You’ve seen the yard signs around town, but what does it mean to have fair maps and what’s gerrymandering?
Gerrymandering is defined as manipulating the boundaries of and electoral constituency to favor one party or class. The phrase comes from the name of a 19th century governor, Elbridge Gerry of Massachusetts and a salamander, from the supposed similarity between a salamander and the shape of a new voting district on a map drawn when he was in office in 1812.
Lynn Perkins, of Lake Mills, and a member of the Jefferson County Fair Maps Coalition, said 72% of Wisconsinites are for non-partisan redistricting in the state, according to a Marquette Law School poll.
“Our representatives can pretty much render our votes in our communities meaningless, based on their ability to draw district maps to favor on party over another,” Perkins told the Lake Mills Rotary Club Aug. 4.
The goal of partisan gerrymandering is to draw the boundaries of legislative districts so that as many seats as possible are likely to be won by the party’s candidates. Drafters can accomplish this through two practices called packing and cracking. A packed district is drawn to include as many of the opposing party’s voters as possible, which helps the governing party win surrounding districts where the opposition’s strength has been diluted to create the packed district. Cracking splits up clusters of opposition voters among several districts, so that they will be outnumbered in each district.
Rigged maps are most prevalent in states under Republican control. In 2010, the Republicans won a big electoral victory, taking 60 of the 99 seats in the State Assembly. Then in 2012, there was a 430,000-vote swing in the Democrats’ favor, but Republicans still came back with 60 seats.
“Both the Democratic and Republican parties have been using gerrymandering to their advantage,” Perkins said. “To me this is about us as voters saying no this needs to work to our advantage. We want to pick our politicians and not ask our politicians to pick us.”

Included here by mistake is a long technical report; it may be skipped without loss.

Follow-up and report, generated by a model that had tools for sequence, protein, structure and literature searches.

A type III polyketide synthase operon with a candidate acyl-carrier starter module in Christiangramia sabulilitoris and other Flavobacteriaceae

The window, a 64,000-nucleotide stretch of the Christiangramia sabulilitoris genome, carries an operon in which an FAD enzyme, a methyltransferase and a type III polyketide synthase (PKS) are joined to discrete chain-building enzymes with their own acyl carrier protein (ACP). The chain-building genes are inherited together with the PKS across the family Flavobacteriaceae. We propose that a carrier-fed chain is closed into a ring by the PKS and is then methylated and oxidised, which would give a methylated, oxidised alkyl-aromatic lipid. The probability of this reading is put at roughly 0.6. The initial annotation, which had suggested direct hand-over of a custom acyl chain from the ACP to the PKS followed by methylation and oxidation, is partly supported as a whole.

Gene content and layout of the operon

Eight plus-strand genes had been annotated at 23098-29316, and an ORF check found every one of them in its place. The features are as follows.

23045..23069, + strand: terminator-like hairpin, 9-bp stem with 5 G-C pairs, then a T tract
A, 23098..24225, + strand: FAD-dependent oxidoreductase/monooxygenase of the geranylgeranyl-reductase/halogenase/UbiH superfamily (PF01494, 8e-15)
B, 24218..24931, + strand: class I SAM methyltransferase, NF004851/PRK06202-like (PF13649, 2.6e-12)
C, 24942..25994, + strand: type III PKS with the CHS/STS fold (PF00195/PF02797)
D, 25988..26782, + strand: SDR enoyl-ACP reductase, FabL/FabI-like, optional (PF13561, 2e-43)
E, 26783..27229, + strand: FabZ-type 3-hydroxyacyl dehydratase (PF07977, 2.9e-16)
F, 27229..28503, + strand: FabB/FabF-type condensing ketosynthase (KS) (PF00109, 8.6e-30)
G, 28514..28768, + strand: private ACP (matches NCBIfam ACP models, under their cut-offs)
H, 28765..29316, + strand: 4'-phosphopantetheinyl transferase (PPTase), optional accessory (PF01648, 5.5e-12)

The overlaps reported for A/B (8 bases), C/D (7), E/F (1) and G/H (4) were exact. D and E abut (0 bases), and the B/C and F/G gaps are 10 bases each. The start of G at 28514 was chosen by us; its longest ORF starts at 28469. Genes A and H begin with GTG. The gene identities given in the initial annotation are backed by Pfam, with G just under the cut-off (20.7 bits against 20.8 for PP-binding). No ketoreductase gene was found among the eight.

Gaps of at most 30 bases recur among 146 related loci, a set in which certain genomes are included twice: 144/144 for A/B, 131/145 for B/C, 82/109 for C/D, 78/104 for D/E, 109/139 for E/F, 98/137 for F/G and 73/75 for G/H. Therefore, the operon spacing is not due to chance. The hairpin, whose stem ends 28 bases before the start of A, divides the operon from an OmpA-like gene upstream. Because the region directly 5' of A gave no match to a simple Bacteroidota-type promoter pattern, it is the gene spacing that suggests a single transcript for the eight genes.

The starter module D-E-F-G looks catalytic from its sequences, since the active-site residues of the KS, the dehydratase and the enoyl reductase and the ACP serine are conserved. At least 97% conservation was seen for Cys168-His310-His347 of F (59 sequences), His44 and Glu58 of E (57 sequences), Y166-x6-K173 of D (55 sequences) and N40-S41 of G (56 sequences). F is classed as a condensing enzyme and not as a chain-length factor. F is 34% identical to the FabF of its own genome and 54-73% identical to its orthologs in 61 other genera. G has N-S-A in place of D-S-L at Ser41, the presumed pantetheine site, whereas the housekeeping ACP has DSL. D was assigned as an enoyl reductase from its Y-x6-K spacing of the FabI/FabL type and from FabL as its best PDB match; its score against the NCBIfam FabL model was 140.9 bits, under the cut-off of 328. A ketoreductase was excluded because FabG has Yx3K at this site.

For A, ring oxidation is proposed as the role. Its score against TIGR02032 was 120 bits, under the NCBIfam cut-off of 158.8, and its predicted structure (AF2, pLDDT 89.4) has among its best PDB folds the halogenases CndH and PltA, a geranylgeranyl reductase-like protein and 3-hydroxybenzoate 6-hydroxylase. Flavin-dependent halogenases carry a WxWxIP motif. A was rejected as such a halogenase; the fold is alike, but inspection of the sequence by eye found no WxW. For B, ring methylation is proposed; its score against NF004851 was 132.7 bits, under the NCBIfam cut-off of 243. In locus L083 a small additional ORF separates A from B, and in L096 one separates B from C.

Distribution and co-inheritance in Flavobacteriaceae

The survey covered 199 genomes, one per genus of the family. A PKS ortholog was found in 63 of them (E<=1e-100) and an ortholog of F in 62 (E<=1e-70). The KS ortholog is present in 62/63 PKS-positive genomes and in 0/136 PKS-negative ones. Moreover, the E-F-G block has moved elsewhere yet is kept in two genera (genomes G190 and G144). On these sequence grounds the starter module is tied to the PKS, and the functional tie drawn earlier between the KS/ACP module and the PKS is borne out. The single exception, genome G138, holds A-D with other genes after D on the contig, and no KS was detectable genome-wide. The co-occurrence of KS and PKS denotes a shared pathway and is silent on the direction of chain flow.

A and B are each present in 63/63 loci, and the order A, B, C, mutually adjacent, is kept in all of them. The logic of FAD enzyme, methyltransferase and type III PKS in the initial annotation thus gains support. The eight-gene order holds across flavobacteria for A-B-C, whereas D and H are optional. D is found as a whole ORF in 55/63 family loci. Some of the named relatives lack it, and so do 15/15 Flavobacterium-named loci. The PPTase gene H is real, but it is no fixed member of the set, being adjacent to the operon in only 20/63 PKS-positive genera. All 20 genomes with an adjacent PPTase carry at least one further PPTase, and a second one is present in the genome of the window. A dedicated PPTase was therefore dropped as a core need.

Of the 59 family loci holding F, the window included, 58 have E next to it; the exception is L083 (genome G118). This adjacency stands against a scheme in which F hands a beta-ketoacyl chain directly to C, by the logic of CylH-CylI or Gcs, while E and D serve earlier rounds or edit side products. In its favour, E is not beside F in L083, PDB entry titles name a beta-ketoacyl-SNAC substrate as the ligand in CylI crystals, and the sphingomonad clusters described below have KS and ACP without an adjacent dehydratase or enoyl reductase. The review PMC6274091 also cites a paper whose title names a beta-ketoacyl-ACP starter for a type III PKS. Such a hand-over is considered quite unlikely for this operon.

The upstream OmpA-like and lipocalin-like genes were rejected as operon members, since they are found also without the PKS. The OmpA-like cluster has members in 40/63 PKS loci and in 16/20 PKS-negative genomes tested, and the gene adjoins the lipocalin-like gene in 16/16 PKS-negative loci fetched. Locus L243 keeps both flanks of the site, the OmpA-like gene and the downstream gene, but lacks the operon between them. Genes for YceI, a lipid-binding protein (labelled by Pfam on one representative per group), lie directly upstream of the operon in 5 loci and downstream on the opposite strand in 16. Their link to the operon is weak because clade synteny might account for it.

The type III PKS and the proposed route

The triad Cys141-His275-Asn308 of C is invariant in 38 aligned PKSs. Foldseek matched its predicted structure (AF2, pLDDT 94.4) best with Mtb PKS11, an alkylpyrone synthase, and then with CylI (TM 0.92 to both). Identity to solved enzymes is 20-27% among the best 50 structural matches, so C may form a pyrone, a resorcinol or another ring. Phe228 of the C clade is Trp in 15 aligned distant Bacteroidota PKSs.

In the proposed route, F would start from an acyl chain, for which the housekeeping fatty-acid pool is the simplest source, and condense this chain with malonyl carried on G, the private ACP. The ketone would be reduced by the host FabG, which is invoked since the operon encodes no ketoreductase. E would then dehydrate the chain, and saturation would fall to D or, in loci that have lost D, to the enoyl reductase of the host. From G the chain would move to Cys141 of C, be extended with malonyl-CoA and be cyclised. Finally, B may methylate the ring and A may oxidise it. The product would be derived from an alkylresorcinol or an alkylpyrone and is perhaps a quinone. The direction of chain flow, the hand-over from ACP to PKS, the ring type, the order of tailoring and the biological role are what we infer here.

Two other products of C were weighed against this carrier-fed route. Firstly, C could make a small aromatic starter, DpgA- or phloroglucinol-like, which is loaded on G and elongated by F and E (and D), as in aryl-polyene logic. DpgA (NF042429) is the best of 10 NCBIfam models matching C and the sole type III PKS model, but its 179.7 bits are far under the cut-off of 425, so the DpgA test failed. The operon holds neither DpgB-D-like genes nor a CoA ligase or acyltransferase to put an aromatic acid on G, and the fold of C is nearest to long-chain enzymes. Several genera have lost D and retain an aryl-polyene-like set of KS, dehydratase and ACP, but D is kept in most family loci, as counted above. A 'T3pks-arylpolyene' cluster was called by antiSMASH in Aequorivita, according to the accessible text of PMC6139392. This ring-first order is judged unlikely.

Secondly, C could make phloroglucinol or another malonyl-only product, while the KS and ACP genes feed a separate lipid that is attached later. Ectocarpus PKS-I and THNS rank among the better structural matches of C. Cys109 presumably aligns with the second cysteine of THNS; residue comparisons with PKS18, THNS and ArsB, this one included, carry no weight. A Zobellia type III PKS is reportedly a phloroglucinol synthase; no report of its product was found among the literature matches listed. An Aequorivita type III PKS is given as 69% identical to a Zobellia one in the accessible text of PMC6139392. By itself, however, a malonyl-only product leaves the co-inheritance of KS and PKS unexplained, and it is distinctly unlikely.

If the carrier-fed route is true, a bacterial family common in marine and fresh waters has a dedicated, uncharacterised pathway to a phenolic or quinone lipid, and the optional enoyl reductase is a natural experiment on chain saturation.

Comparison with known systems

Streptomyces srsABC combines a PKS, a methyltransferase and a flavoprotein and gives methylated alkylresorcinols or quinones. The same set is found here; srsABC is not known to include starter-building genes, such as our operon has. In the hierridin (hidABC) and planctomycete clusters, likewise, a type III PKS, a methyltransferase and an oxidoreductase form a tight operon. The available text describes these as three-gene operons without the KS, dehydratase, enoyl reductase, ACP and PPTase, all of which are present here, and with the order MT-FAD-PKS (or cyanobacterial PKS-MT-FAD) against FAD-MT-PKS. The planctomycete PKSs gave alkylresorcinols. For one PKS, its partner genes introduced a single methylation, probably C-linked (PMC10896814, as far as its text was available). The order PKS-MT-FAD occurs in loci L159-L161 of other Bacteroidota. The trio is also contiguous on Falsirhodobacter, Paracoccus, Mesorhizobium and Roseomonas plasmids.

The Fair Maps Coalition is looking to create a nonpartisan redistricting group to draw the maps, instead of leaving it to politicians.
Perkins said to her the most important reason to end gerrymandering is to stop the gridlock in state politics.
The coalition suggests adopting the same method as used in Iowa to ensure fair maps. Iowa delegates line-drawing to an independent legislative agency, which must conduct public hearings to ensure fair maps. The Iowa Legislature is compelled to vote up or down on the agency’s maps without amendments. Other states utilize nonpartisan, independent, and bipartisan commissions.
“This is not just a Republican issue,” Perkins said. “Some have said it’s against the constitution for there to be a nonpartisan group that would redistrict and that’s just not the case.”
Perkins said the Democrats in the 1980s and 90s had the opportunity to end gerrymandering and didn’t.
“This is a bipartisan issue,” she said. “We’ve got to get it right this time. This can only be done along with a census. If we don’t end gerrymandering this term we won’t have another chance for 10 years.”
Rep. Barbara Dittrich, said in part in a recent op-ed; “My first concern is the creation of another ‘non-partisan’ or ‘bipartisan’ board of unelected officials who are unaccountable to the taxpayers and voters. We have continually seen such a debacle with Wisconsin’s elections and ethics commissions. Secondly, I have grave concerns about how minority communities would be divided up in such plans as the ultimate goal of ‘Fair Maps’ is to create equal numbers of people with opposing views in each legislative district. This would mean dividing up Milwaukee and Madison minority communities like pizzas, which would poorly represent their neighborhoods and concerns. Third, I think that we are kidding ourselves if we believe that we can create a ‘non-partisan’ commission. Anyone with eyes to see today’s tense political climate knows that one side always has the upper hand in such commissions, thus, making them anything but impartial. Again, look no further than the current Wisconsin Election Commission for reference.”
The non-binding referendum regarding redistricting will be on the November ballot in Jefferson County, along with seven others across the state. About 50 county board have passed resolutions urging the State Legislature to pass a law to give the state fair maps.
“It’s a way to show our politicians we care about this issue,” Perkins said.